Bearcraft and 10 Questions with TotalNtertainment. Bearcraft released their new album ‘Fabrefactions’ 4th September. Fabrefactions moves upriver along the Thames, from Margate, through Leigh-on-Sea and into the capital of England. That journey is mapped out in gorgeous organic electronics, in overheard ghost stories and half-remembered urban myths. So we took the opportunity to chat with Dicky Moore from Bearcraft about all things Supernatural.
1. Thanks for your time, could you tell our readers briefly how Bearcraft came into existence?
After I got back from the Scritti Politti tours in 2006 I started transitioning my more from being just a singer-songwriter to being a music producer too. I put out an E.P. of the first few tracks, called It’s About Time, and then decided to focus on trying to make compositions which tied all my influences together, merging complex patterns with dance and disco beats, with folk elements.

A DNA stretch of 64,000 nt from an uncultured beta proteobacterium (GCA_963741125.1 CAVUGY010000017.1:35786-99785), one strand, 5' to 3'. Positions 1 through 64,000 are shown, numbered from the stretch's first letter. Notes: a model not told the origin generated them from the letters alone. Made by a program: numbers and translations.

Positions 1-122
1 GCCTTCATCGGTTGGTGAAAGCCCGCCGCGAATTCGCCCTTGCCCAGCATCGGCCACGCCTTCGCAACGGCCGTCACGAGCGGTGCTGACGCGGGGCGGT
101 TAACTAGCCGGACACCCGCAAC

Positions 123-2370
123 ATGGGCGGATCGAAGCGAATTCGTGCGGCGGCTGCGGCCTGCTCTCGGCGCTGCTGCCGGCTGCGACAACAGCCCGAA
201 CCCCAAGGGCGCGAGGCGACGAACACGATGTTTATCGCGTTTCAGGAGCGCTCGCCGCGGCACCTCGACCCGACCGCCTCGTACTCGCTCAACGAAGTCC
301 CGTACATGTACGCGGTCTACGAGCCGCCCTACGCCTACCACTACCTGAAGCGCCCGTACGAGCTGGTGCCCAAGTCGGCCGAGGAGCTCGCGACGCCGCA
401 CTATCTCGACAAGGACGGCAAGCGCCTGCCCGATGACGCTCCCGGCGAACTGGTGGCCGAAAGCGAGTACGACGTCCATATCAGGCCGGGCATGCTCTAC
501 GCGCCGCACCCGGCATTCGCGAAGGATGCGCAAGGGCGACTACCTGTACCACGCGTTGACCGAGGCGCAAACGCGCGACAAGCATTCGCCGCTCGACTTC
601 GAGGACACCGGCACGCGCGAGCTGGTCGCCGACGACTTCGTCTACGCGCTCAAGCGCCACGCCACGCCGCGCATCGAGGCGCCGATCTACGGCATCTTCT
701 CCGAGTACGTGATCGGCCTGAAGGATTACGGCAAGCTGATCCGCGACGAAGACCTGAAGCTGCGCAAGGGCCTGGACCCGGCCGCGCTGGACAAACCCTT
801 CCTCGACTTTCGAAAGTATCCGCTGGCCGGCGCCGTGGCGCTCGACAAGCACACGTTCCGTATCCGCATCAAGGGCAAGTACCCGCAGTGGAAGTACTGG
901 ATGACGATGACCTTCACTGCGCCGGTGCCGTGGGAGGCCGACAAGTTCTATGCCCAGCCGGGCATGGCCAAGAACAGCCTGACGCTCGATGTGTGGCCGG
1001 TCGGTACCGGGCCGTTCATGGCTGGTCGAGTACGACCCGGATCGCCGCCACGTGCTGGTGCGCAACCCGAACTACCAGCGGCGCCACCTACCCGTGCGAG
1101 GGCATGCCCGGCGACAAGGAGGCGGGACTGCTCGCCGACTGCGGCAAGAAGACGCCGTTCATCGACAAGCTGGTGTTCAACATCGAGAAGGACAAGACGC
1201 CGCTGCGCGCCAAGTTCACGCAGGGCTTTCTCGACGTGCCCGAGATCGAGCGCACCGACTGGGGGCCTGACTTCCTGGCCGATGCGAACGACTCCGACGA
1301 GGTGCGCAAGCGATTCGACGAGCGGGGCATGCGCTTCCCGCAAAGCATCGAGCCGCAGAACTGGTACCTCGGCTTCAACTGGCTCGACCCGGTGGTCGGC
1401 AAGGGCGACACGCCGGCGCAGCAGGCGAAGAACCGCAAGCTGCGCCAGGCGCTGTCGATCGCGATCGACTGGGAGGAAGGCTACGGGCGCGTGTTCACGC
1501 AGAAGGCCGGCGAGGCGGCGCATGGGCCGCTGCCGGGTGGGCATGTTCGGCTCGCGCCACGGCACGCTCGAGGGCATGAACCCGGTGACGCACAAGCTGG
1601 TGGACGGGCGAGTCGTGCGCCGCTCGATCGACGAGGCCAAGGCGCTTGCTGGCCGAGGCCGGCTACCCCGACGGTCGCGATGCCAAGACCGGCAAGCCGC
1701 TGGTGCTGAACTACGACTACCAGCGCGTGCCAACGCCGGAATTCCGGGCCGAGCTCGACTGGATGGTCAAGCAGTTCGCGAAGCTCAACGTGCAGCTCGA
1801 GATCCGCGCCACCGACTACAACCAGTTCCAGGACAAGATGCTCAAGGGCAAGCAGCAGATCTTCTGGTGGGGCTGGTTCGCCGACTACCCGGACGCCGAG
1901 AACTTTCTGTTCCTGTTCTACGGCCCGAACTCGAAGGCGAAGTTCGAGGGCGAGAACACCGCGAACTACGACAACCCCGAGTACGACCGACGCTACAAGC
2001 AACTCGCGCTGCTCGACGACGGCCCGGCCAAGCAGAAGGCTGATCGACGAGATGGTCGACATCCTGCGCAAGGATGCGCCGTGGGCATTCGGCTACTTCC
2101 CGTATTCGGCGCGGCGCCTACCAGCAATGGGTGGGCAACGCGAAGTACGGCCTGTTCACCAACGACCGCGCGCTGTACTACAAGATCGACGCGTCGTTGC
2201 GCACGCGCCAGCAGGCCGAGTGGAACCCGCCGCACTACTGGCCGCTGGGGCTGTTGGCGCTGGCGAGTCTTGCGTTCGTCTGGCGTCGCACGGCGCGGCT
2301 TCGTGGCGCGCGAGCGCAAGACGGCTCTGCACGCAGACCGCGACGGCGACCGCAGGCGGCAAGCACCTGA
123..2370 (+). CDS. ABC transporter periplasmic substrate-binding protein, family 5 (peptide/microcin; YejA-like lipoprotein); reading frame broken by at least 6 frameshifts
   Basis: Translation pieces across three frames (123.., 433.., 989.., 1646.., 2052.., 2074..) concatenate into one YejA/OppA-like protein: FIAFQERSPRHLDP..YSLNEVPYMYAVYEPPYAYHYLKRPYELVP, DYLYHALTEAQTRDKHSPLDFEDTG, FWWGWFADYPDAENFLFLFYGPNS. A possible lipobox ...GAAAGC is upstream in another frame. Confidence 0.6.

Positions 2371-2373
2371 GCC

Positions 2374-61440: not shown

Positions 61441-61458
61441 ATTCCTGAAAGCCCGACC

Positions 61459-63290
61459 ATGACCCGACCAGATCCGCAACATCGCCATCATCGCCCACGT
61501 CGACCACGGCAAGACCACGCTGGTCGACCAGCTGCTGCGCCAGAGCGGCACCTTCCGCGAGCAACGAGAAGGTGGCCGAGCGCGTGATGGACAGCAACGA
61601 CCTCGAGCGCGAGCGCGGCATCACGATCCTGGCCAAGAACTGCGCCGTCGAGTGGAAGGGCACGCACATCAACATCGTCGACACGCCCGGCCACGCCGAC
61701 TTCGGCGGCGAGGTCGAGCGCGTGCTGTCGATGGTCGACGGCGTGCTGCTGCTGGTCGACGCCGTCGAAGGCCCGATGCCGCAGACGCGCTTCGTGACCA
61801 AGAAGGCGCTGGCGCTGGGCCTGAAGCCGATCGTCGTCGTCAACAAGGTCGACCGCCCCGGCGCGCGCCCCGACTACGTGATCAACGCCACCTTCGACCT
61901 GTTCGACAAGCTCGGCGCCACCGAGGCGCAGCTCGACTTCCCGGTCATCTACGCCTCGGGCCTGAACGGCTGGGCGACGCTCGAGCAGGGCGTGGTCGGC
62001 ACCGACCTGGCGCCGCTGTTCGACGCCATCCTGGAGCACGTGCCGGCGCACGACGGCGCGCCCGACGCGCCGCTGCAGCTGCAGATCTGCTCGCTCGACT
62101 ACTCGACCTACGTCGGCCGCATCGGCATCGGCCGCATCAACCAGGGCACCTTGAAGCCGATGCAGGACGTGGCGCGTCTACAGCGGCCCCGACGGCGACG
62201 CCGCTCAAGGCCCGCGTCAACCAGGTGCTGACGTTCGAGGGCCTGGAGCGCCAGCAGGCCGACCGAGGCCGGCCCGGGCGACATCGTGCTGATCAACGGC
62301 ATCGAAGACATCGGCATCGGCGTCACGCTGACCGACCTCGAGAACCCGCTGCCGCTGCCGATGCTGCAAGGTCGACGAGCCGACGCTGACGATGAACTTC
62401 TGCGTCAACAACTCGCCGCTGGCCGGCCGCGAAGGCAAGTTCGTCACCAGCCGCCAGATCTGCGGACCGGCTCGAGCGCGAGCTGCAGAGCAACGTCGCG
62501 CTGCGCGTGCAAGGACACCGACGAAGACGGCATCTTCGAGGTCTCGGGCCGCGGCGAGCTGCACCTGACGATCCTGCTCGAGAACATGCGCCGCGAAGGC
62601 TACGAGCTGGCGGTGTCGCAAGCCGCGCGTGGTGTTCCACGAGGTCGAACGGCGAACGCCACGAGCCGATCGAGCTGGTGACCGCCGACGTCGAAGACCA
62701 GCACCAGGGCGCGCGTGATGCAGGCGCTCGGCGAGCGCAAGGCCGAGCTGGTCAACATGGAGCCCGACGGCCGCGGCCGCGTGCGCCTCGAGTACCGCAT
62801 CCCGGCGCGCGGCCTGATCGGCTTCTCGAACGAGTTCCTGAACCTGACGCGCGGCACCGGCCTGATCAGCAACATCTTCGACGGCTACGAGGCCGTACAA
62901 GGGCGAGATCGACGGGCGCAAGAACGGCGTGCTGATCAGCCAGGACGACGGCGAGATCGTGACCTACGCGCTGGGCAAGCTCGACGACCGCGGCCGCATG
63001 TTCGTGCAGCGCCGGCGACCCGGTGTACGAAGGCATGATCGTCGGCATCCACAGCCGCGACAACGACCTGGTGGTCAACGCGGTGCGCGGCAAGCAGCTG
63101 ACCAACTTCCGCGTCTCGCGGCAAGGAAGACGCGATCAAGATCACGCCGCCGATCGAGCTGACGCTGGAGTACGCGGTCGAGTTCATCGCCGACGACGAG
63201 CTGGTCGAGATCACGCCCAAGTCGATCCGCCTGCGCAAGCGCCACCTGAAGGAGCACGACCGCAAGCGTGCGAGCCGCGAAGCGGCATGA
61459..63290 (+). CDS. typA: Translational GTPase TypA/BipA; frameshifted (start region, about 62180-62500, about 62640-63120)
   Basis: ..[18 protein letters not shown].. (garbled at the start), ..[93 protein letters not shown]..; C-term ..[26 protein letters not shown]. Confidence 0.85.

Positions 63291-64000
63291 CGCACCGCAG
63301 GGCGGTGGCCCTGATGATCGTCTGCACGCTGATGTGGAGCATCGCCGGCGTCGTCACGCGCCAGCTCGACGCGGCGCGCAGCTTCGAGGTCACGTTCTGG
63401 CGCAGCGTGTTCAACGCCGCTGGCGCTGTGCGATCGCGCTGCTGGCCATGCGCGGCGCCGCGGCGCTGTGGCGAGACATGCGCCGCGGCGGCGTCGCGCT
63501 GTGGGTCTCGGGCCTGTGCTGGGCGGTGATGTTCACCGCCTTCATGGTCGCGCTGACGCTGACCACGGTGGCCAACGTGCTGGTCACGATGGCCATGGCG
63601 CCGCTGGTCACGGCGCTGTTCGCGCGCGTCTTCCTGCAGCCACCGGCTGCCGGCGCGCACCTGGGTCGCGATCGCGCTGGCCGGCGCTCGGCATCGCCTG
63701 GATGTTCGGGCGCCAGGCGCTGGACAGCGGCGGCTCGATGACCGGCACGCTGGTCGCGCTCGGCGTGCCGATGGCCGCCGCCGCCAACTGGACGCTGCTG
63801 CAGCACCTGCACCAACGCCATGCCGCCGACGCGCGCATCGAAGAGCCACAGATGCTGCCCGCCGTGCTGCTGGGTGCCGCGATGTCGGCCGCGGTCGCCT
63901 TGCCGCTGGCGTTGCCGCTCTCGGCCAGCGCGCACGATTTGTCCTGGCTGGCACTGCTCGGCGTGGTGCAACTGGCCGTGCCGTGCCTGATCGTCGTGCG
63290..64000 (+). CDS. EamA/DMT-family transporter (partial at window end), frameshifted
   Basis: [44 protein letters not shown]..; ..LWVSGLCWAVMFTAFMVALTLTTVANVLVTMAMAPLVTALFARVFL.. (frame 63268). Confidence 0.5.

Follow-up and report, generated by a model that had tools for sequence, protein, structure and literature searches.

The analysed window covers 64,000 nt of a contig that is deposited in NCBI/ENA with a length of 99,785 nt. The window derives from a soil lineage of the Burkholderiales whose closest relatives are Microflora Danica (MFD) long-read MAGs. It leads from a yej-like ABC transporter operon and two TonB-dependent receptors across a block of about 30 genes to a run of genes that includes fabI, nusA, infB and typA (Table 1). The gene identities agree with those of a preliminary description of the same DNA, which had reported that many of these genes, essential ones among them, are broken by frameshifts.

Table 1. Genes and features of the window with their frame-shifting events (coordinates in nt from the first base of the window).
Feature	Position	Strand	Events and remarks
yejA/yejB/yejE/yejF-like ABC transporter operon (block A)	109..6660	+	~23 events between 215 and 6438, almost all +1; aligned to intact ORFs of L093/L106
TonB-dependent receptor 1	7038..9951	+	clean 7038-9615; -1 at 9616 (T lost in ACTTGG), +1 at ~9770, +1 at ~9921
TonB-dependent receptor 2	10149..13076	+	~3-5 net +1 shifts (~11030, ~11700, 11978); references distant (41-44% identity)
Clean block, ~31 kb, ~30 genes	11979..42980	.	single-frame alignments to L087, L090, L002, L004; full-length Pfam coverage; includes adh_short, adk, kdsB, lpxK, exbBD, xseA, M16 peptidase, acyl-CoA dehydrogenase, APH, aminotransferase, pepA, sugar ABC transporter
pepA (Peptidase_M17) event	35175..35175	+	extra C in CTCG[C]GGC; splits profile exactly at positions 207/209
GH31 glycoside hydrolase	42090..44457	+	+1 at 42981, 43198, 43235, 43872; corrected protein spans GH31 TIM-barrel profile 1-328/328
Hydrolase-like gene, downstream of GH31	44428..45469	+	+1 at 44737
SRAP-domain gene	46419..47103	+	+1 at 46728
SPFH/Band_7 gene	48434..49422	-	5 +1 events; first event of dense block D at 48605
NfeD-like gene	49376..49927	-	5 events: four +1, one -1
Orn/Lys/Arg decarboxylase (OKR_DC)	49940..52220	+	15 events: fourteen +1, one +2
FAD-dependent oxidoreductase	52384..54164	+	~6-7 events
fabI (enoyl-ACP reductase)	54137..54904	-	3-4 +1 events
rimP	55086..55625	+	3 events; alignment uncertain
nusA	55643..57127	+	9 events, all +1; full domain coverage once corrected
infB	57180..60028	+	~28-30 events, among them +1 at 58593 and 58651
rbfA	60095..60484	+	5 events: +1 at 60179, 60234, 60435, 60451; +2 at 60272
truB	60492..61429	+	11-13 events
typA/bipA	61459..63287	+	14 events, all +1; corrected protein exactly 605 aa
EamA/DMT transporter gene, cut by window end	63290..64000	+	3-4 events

I literally chucked one of the first tracks in this style up on Facebook to see what my friends thought of it, and it got shared around quite a bit. Then Tony Pontius from Hottwerk Records got in touch and said, “I want to sign this”. That was The Werewolf. We spoke about the track and about my general idea and he said he wanted to put an album out of this stuff.
One of his questions was “Will this be as Dicky Moore, or as a band?” and although it had been a solo project up until that point, I didn’t want to be constrained to that, and I didn’t want to get lonely or work under the illusion I could do everything all by myself, so I decided to release it as a band, or rather, as a loose collective, even though it was just me at that point. It was after that first album when I got more people involved.
2. Looking at some of the inspiration on the album, do you remember the first ghost story you heard as a child ?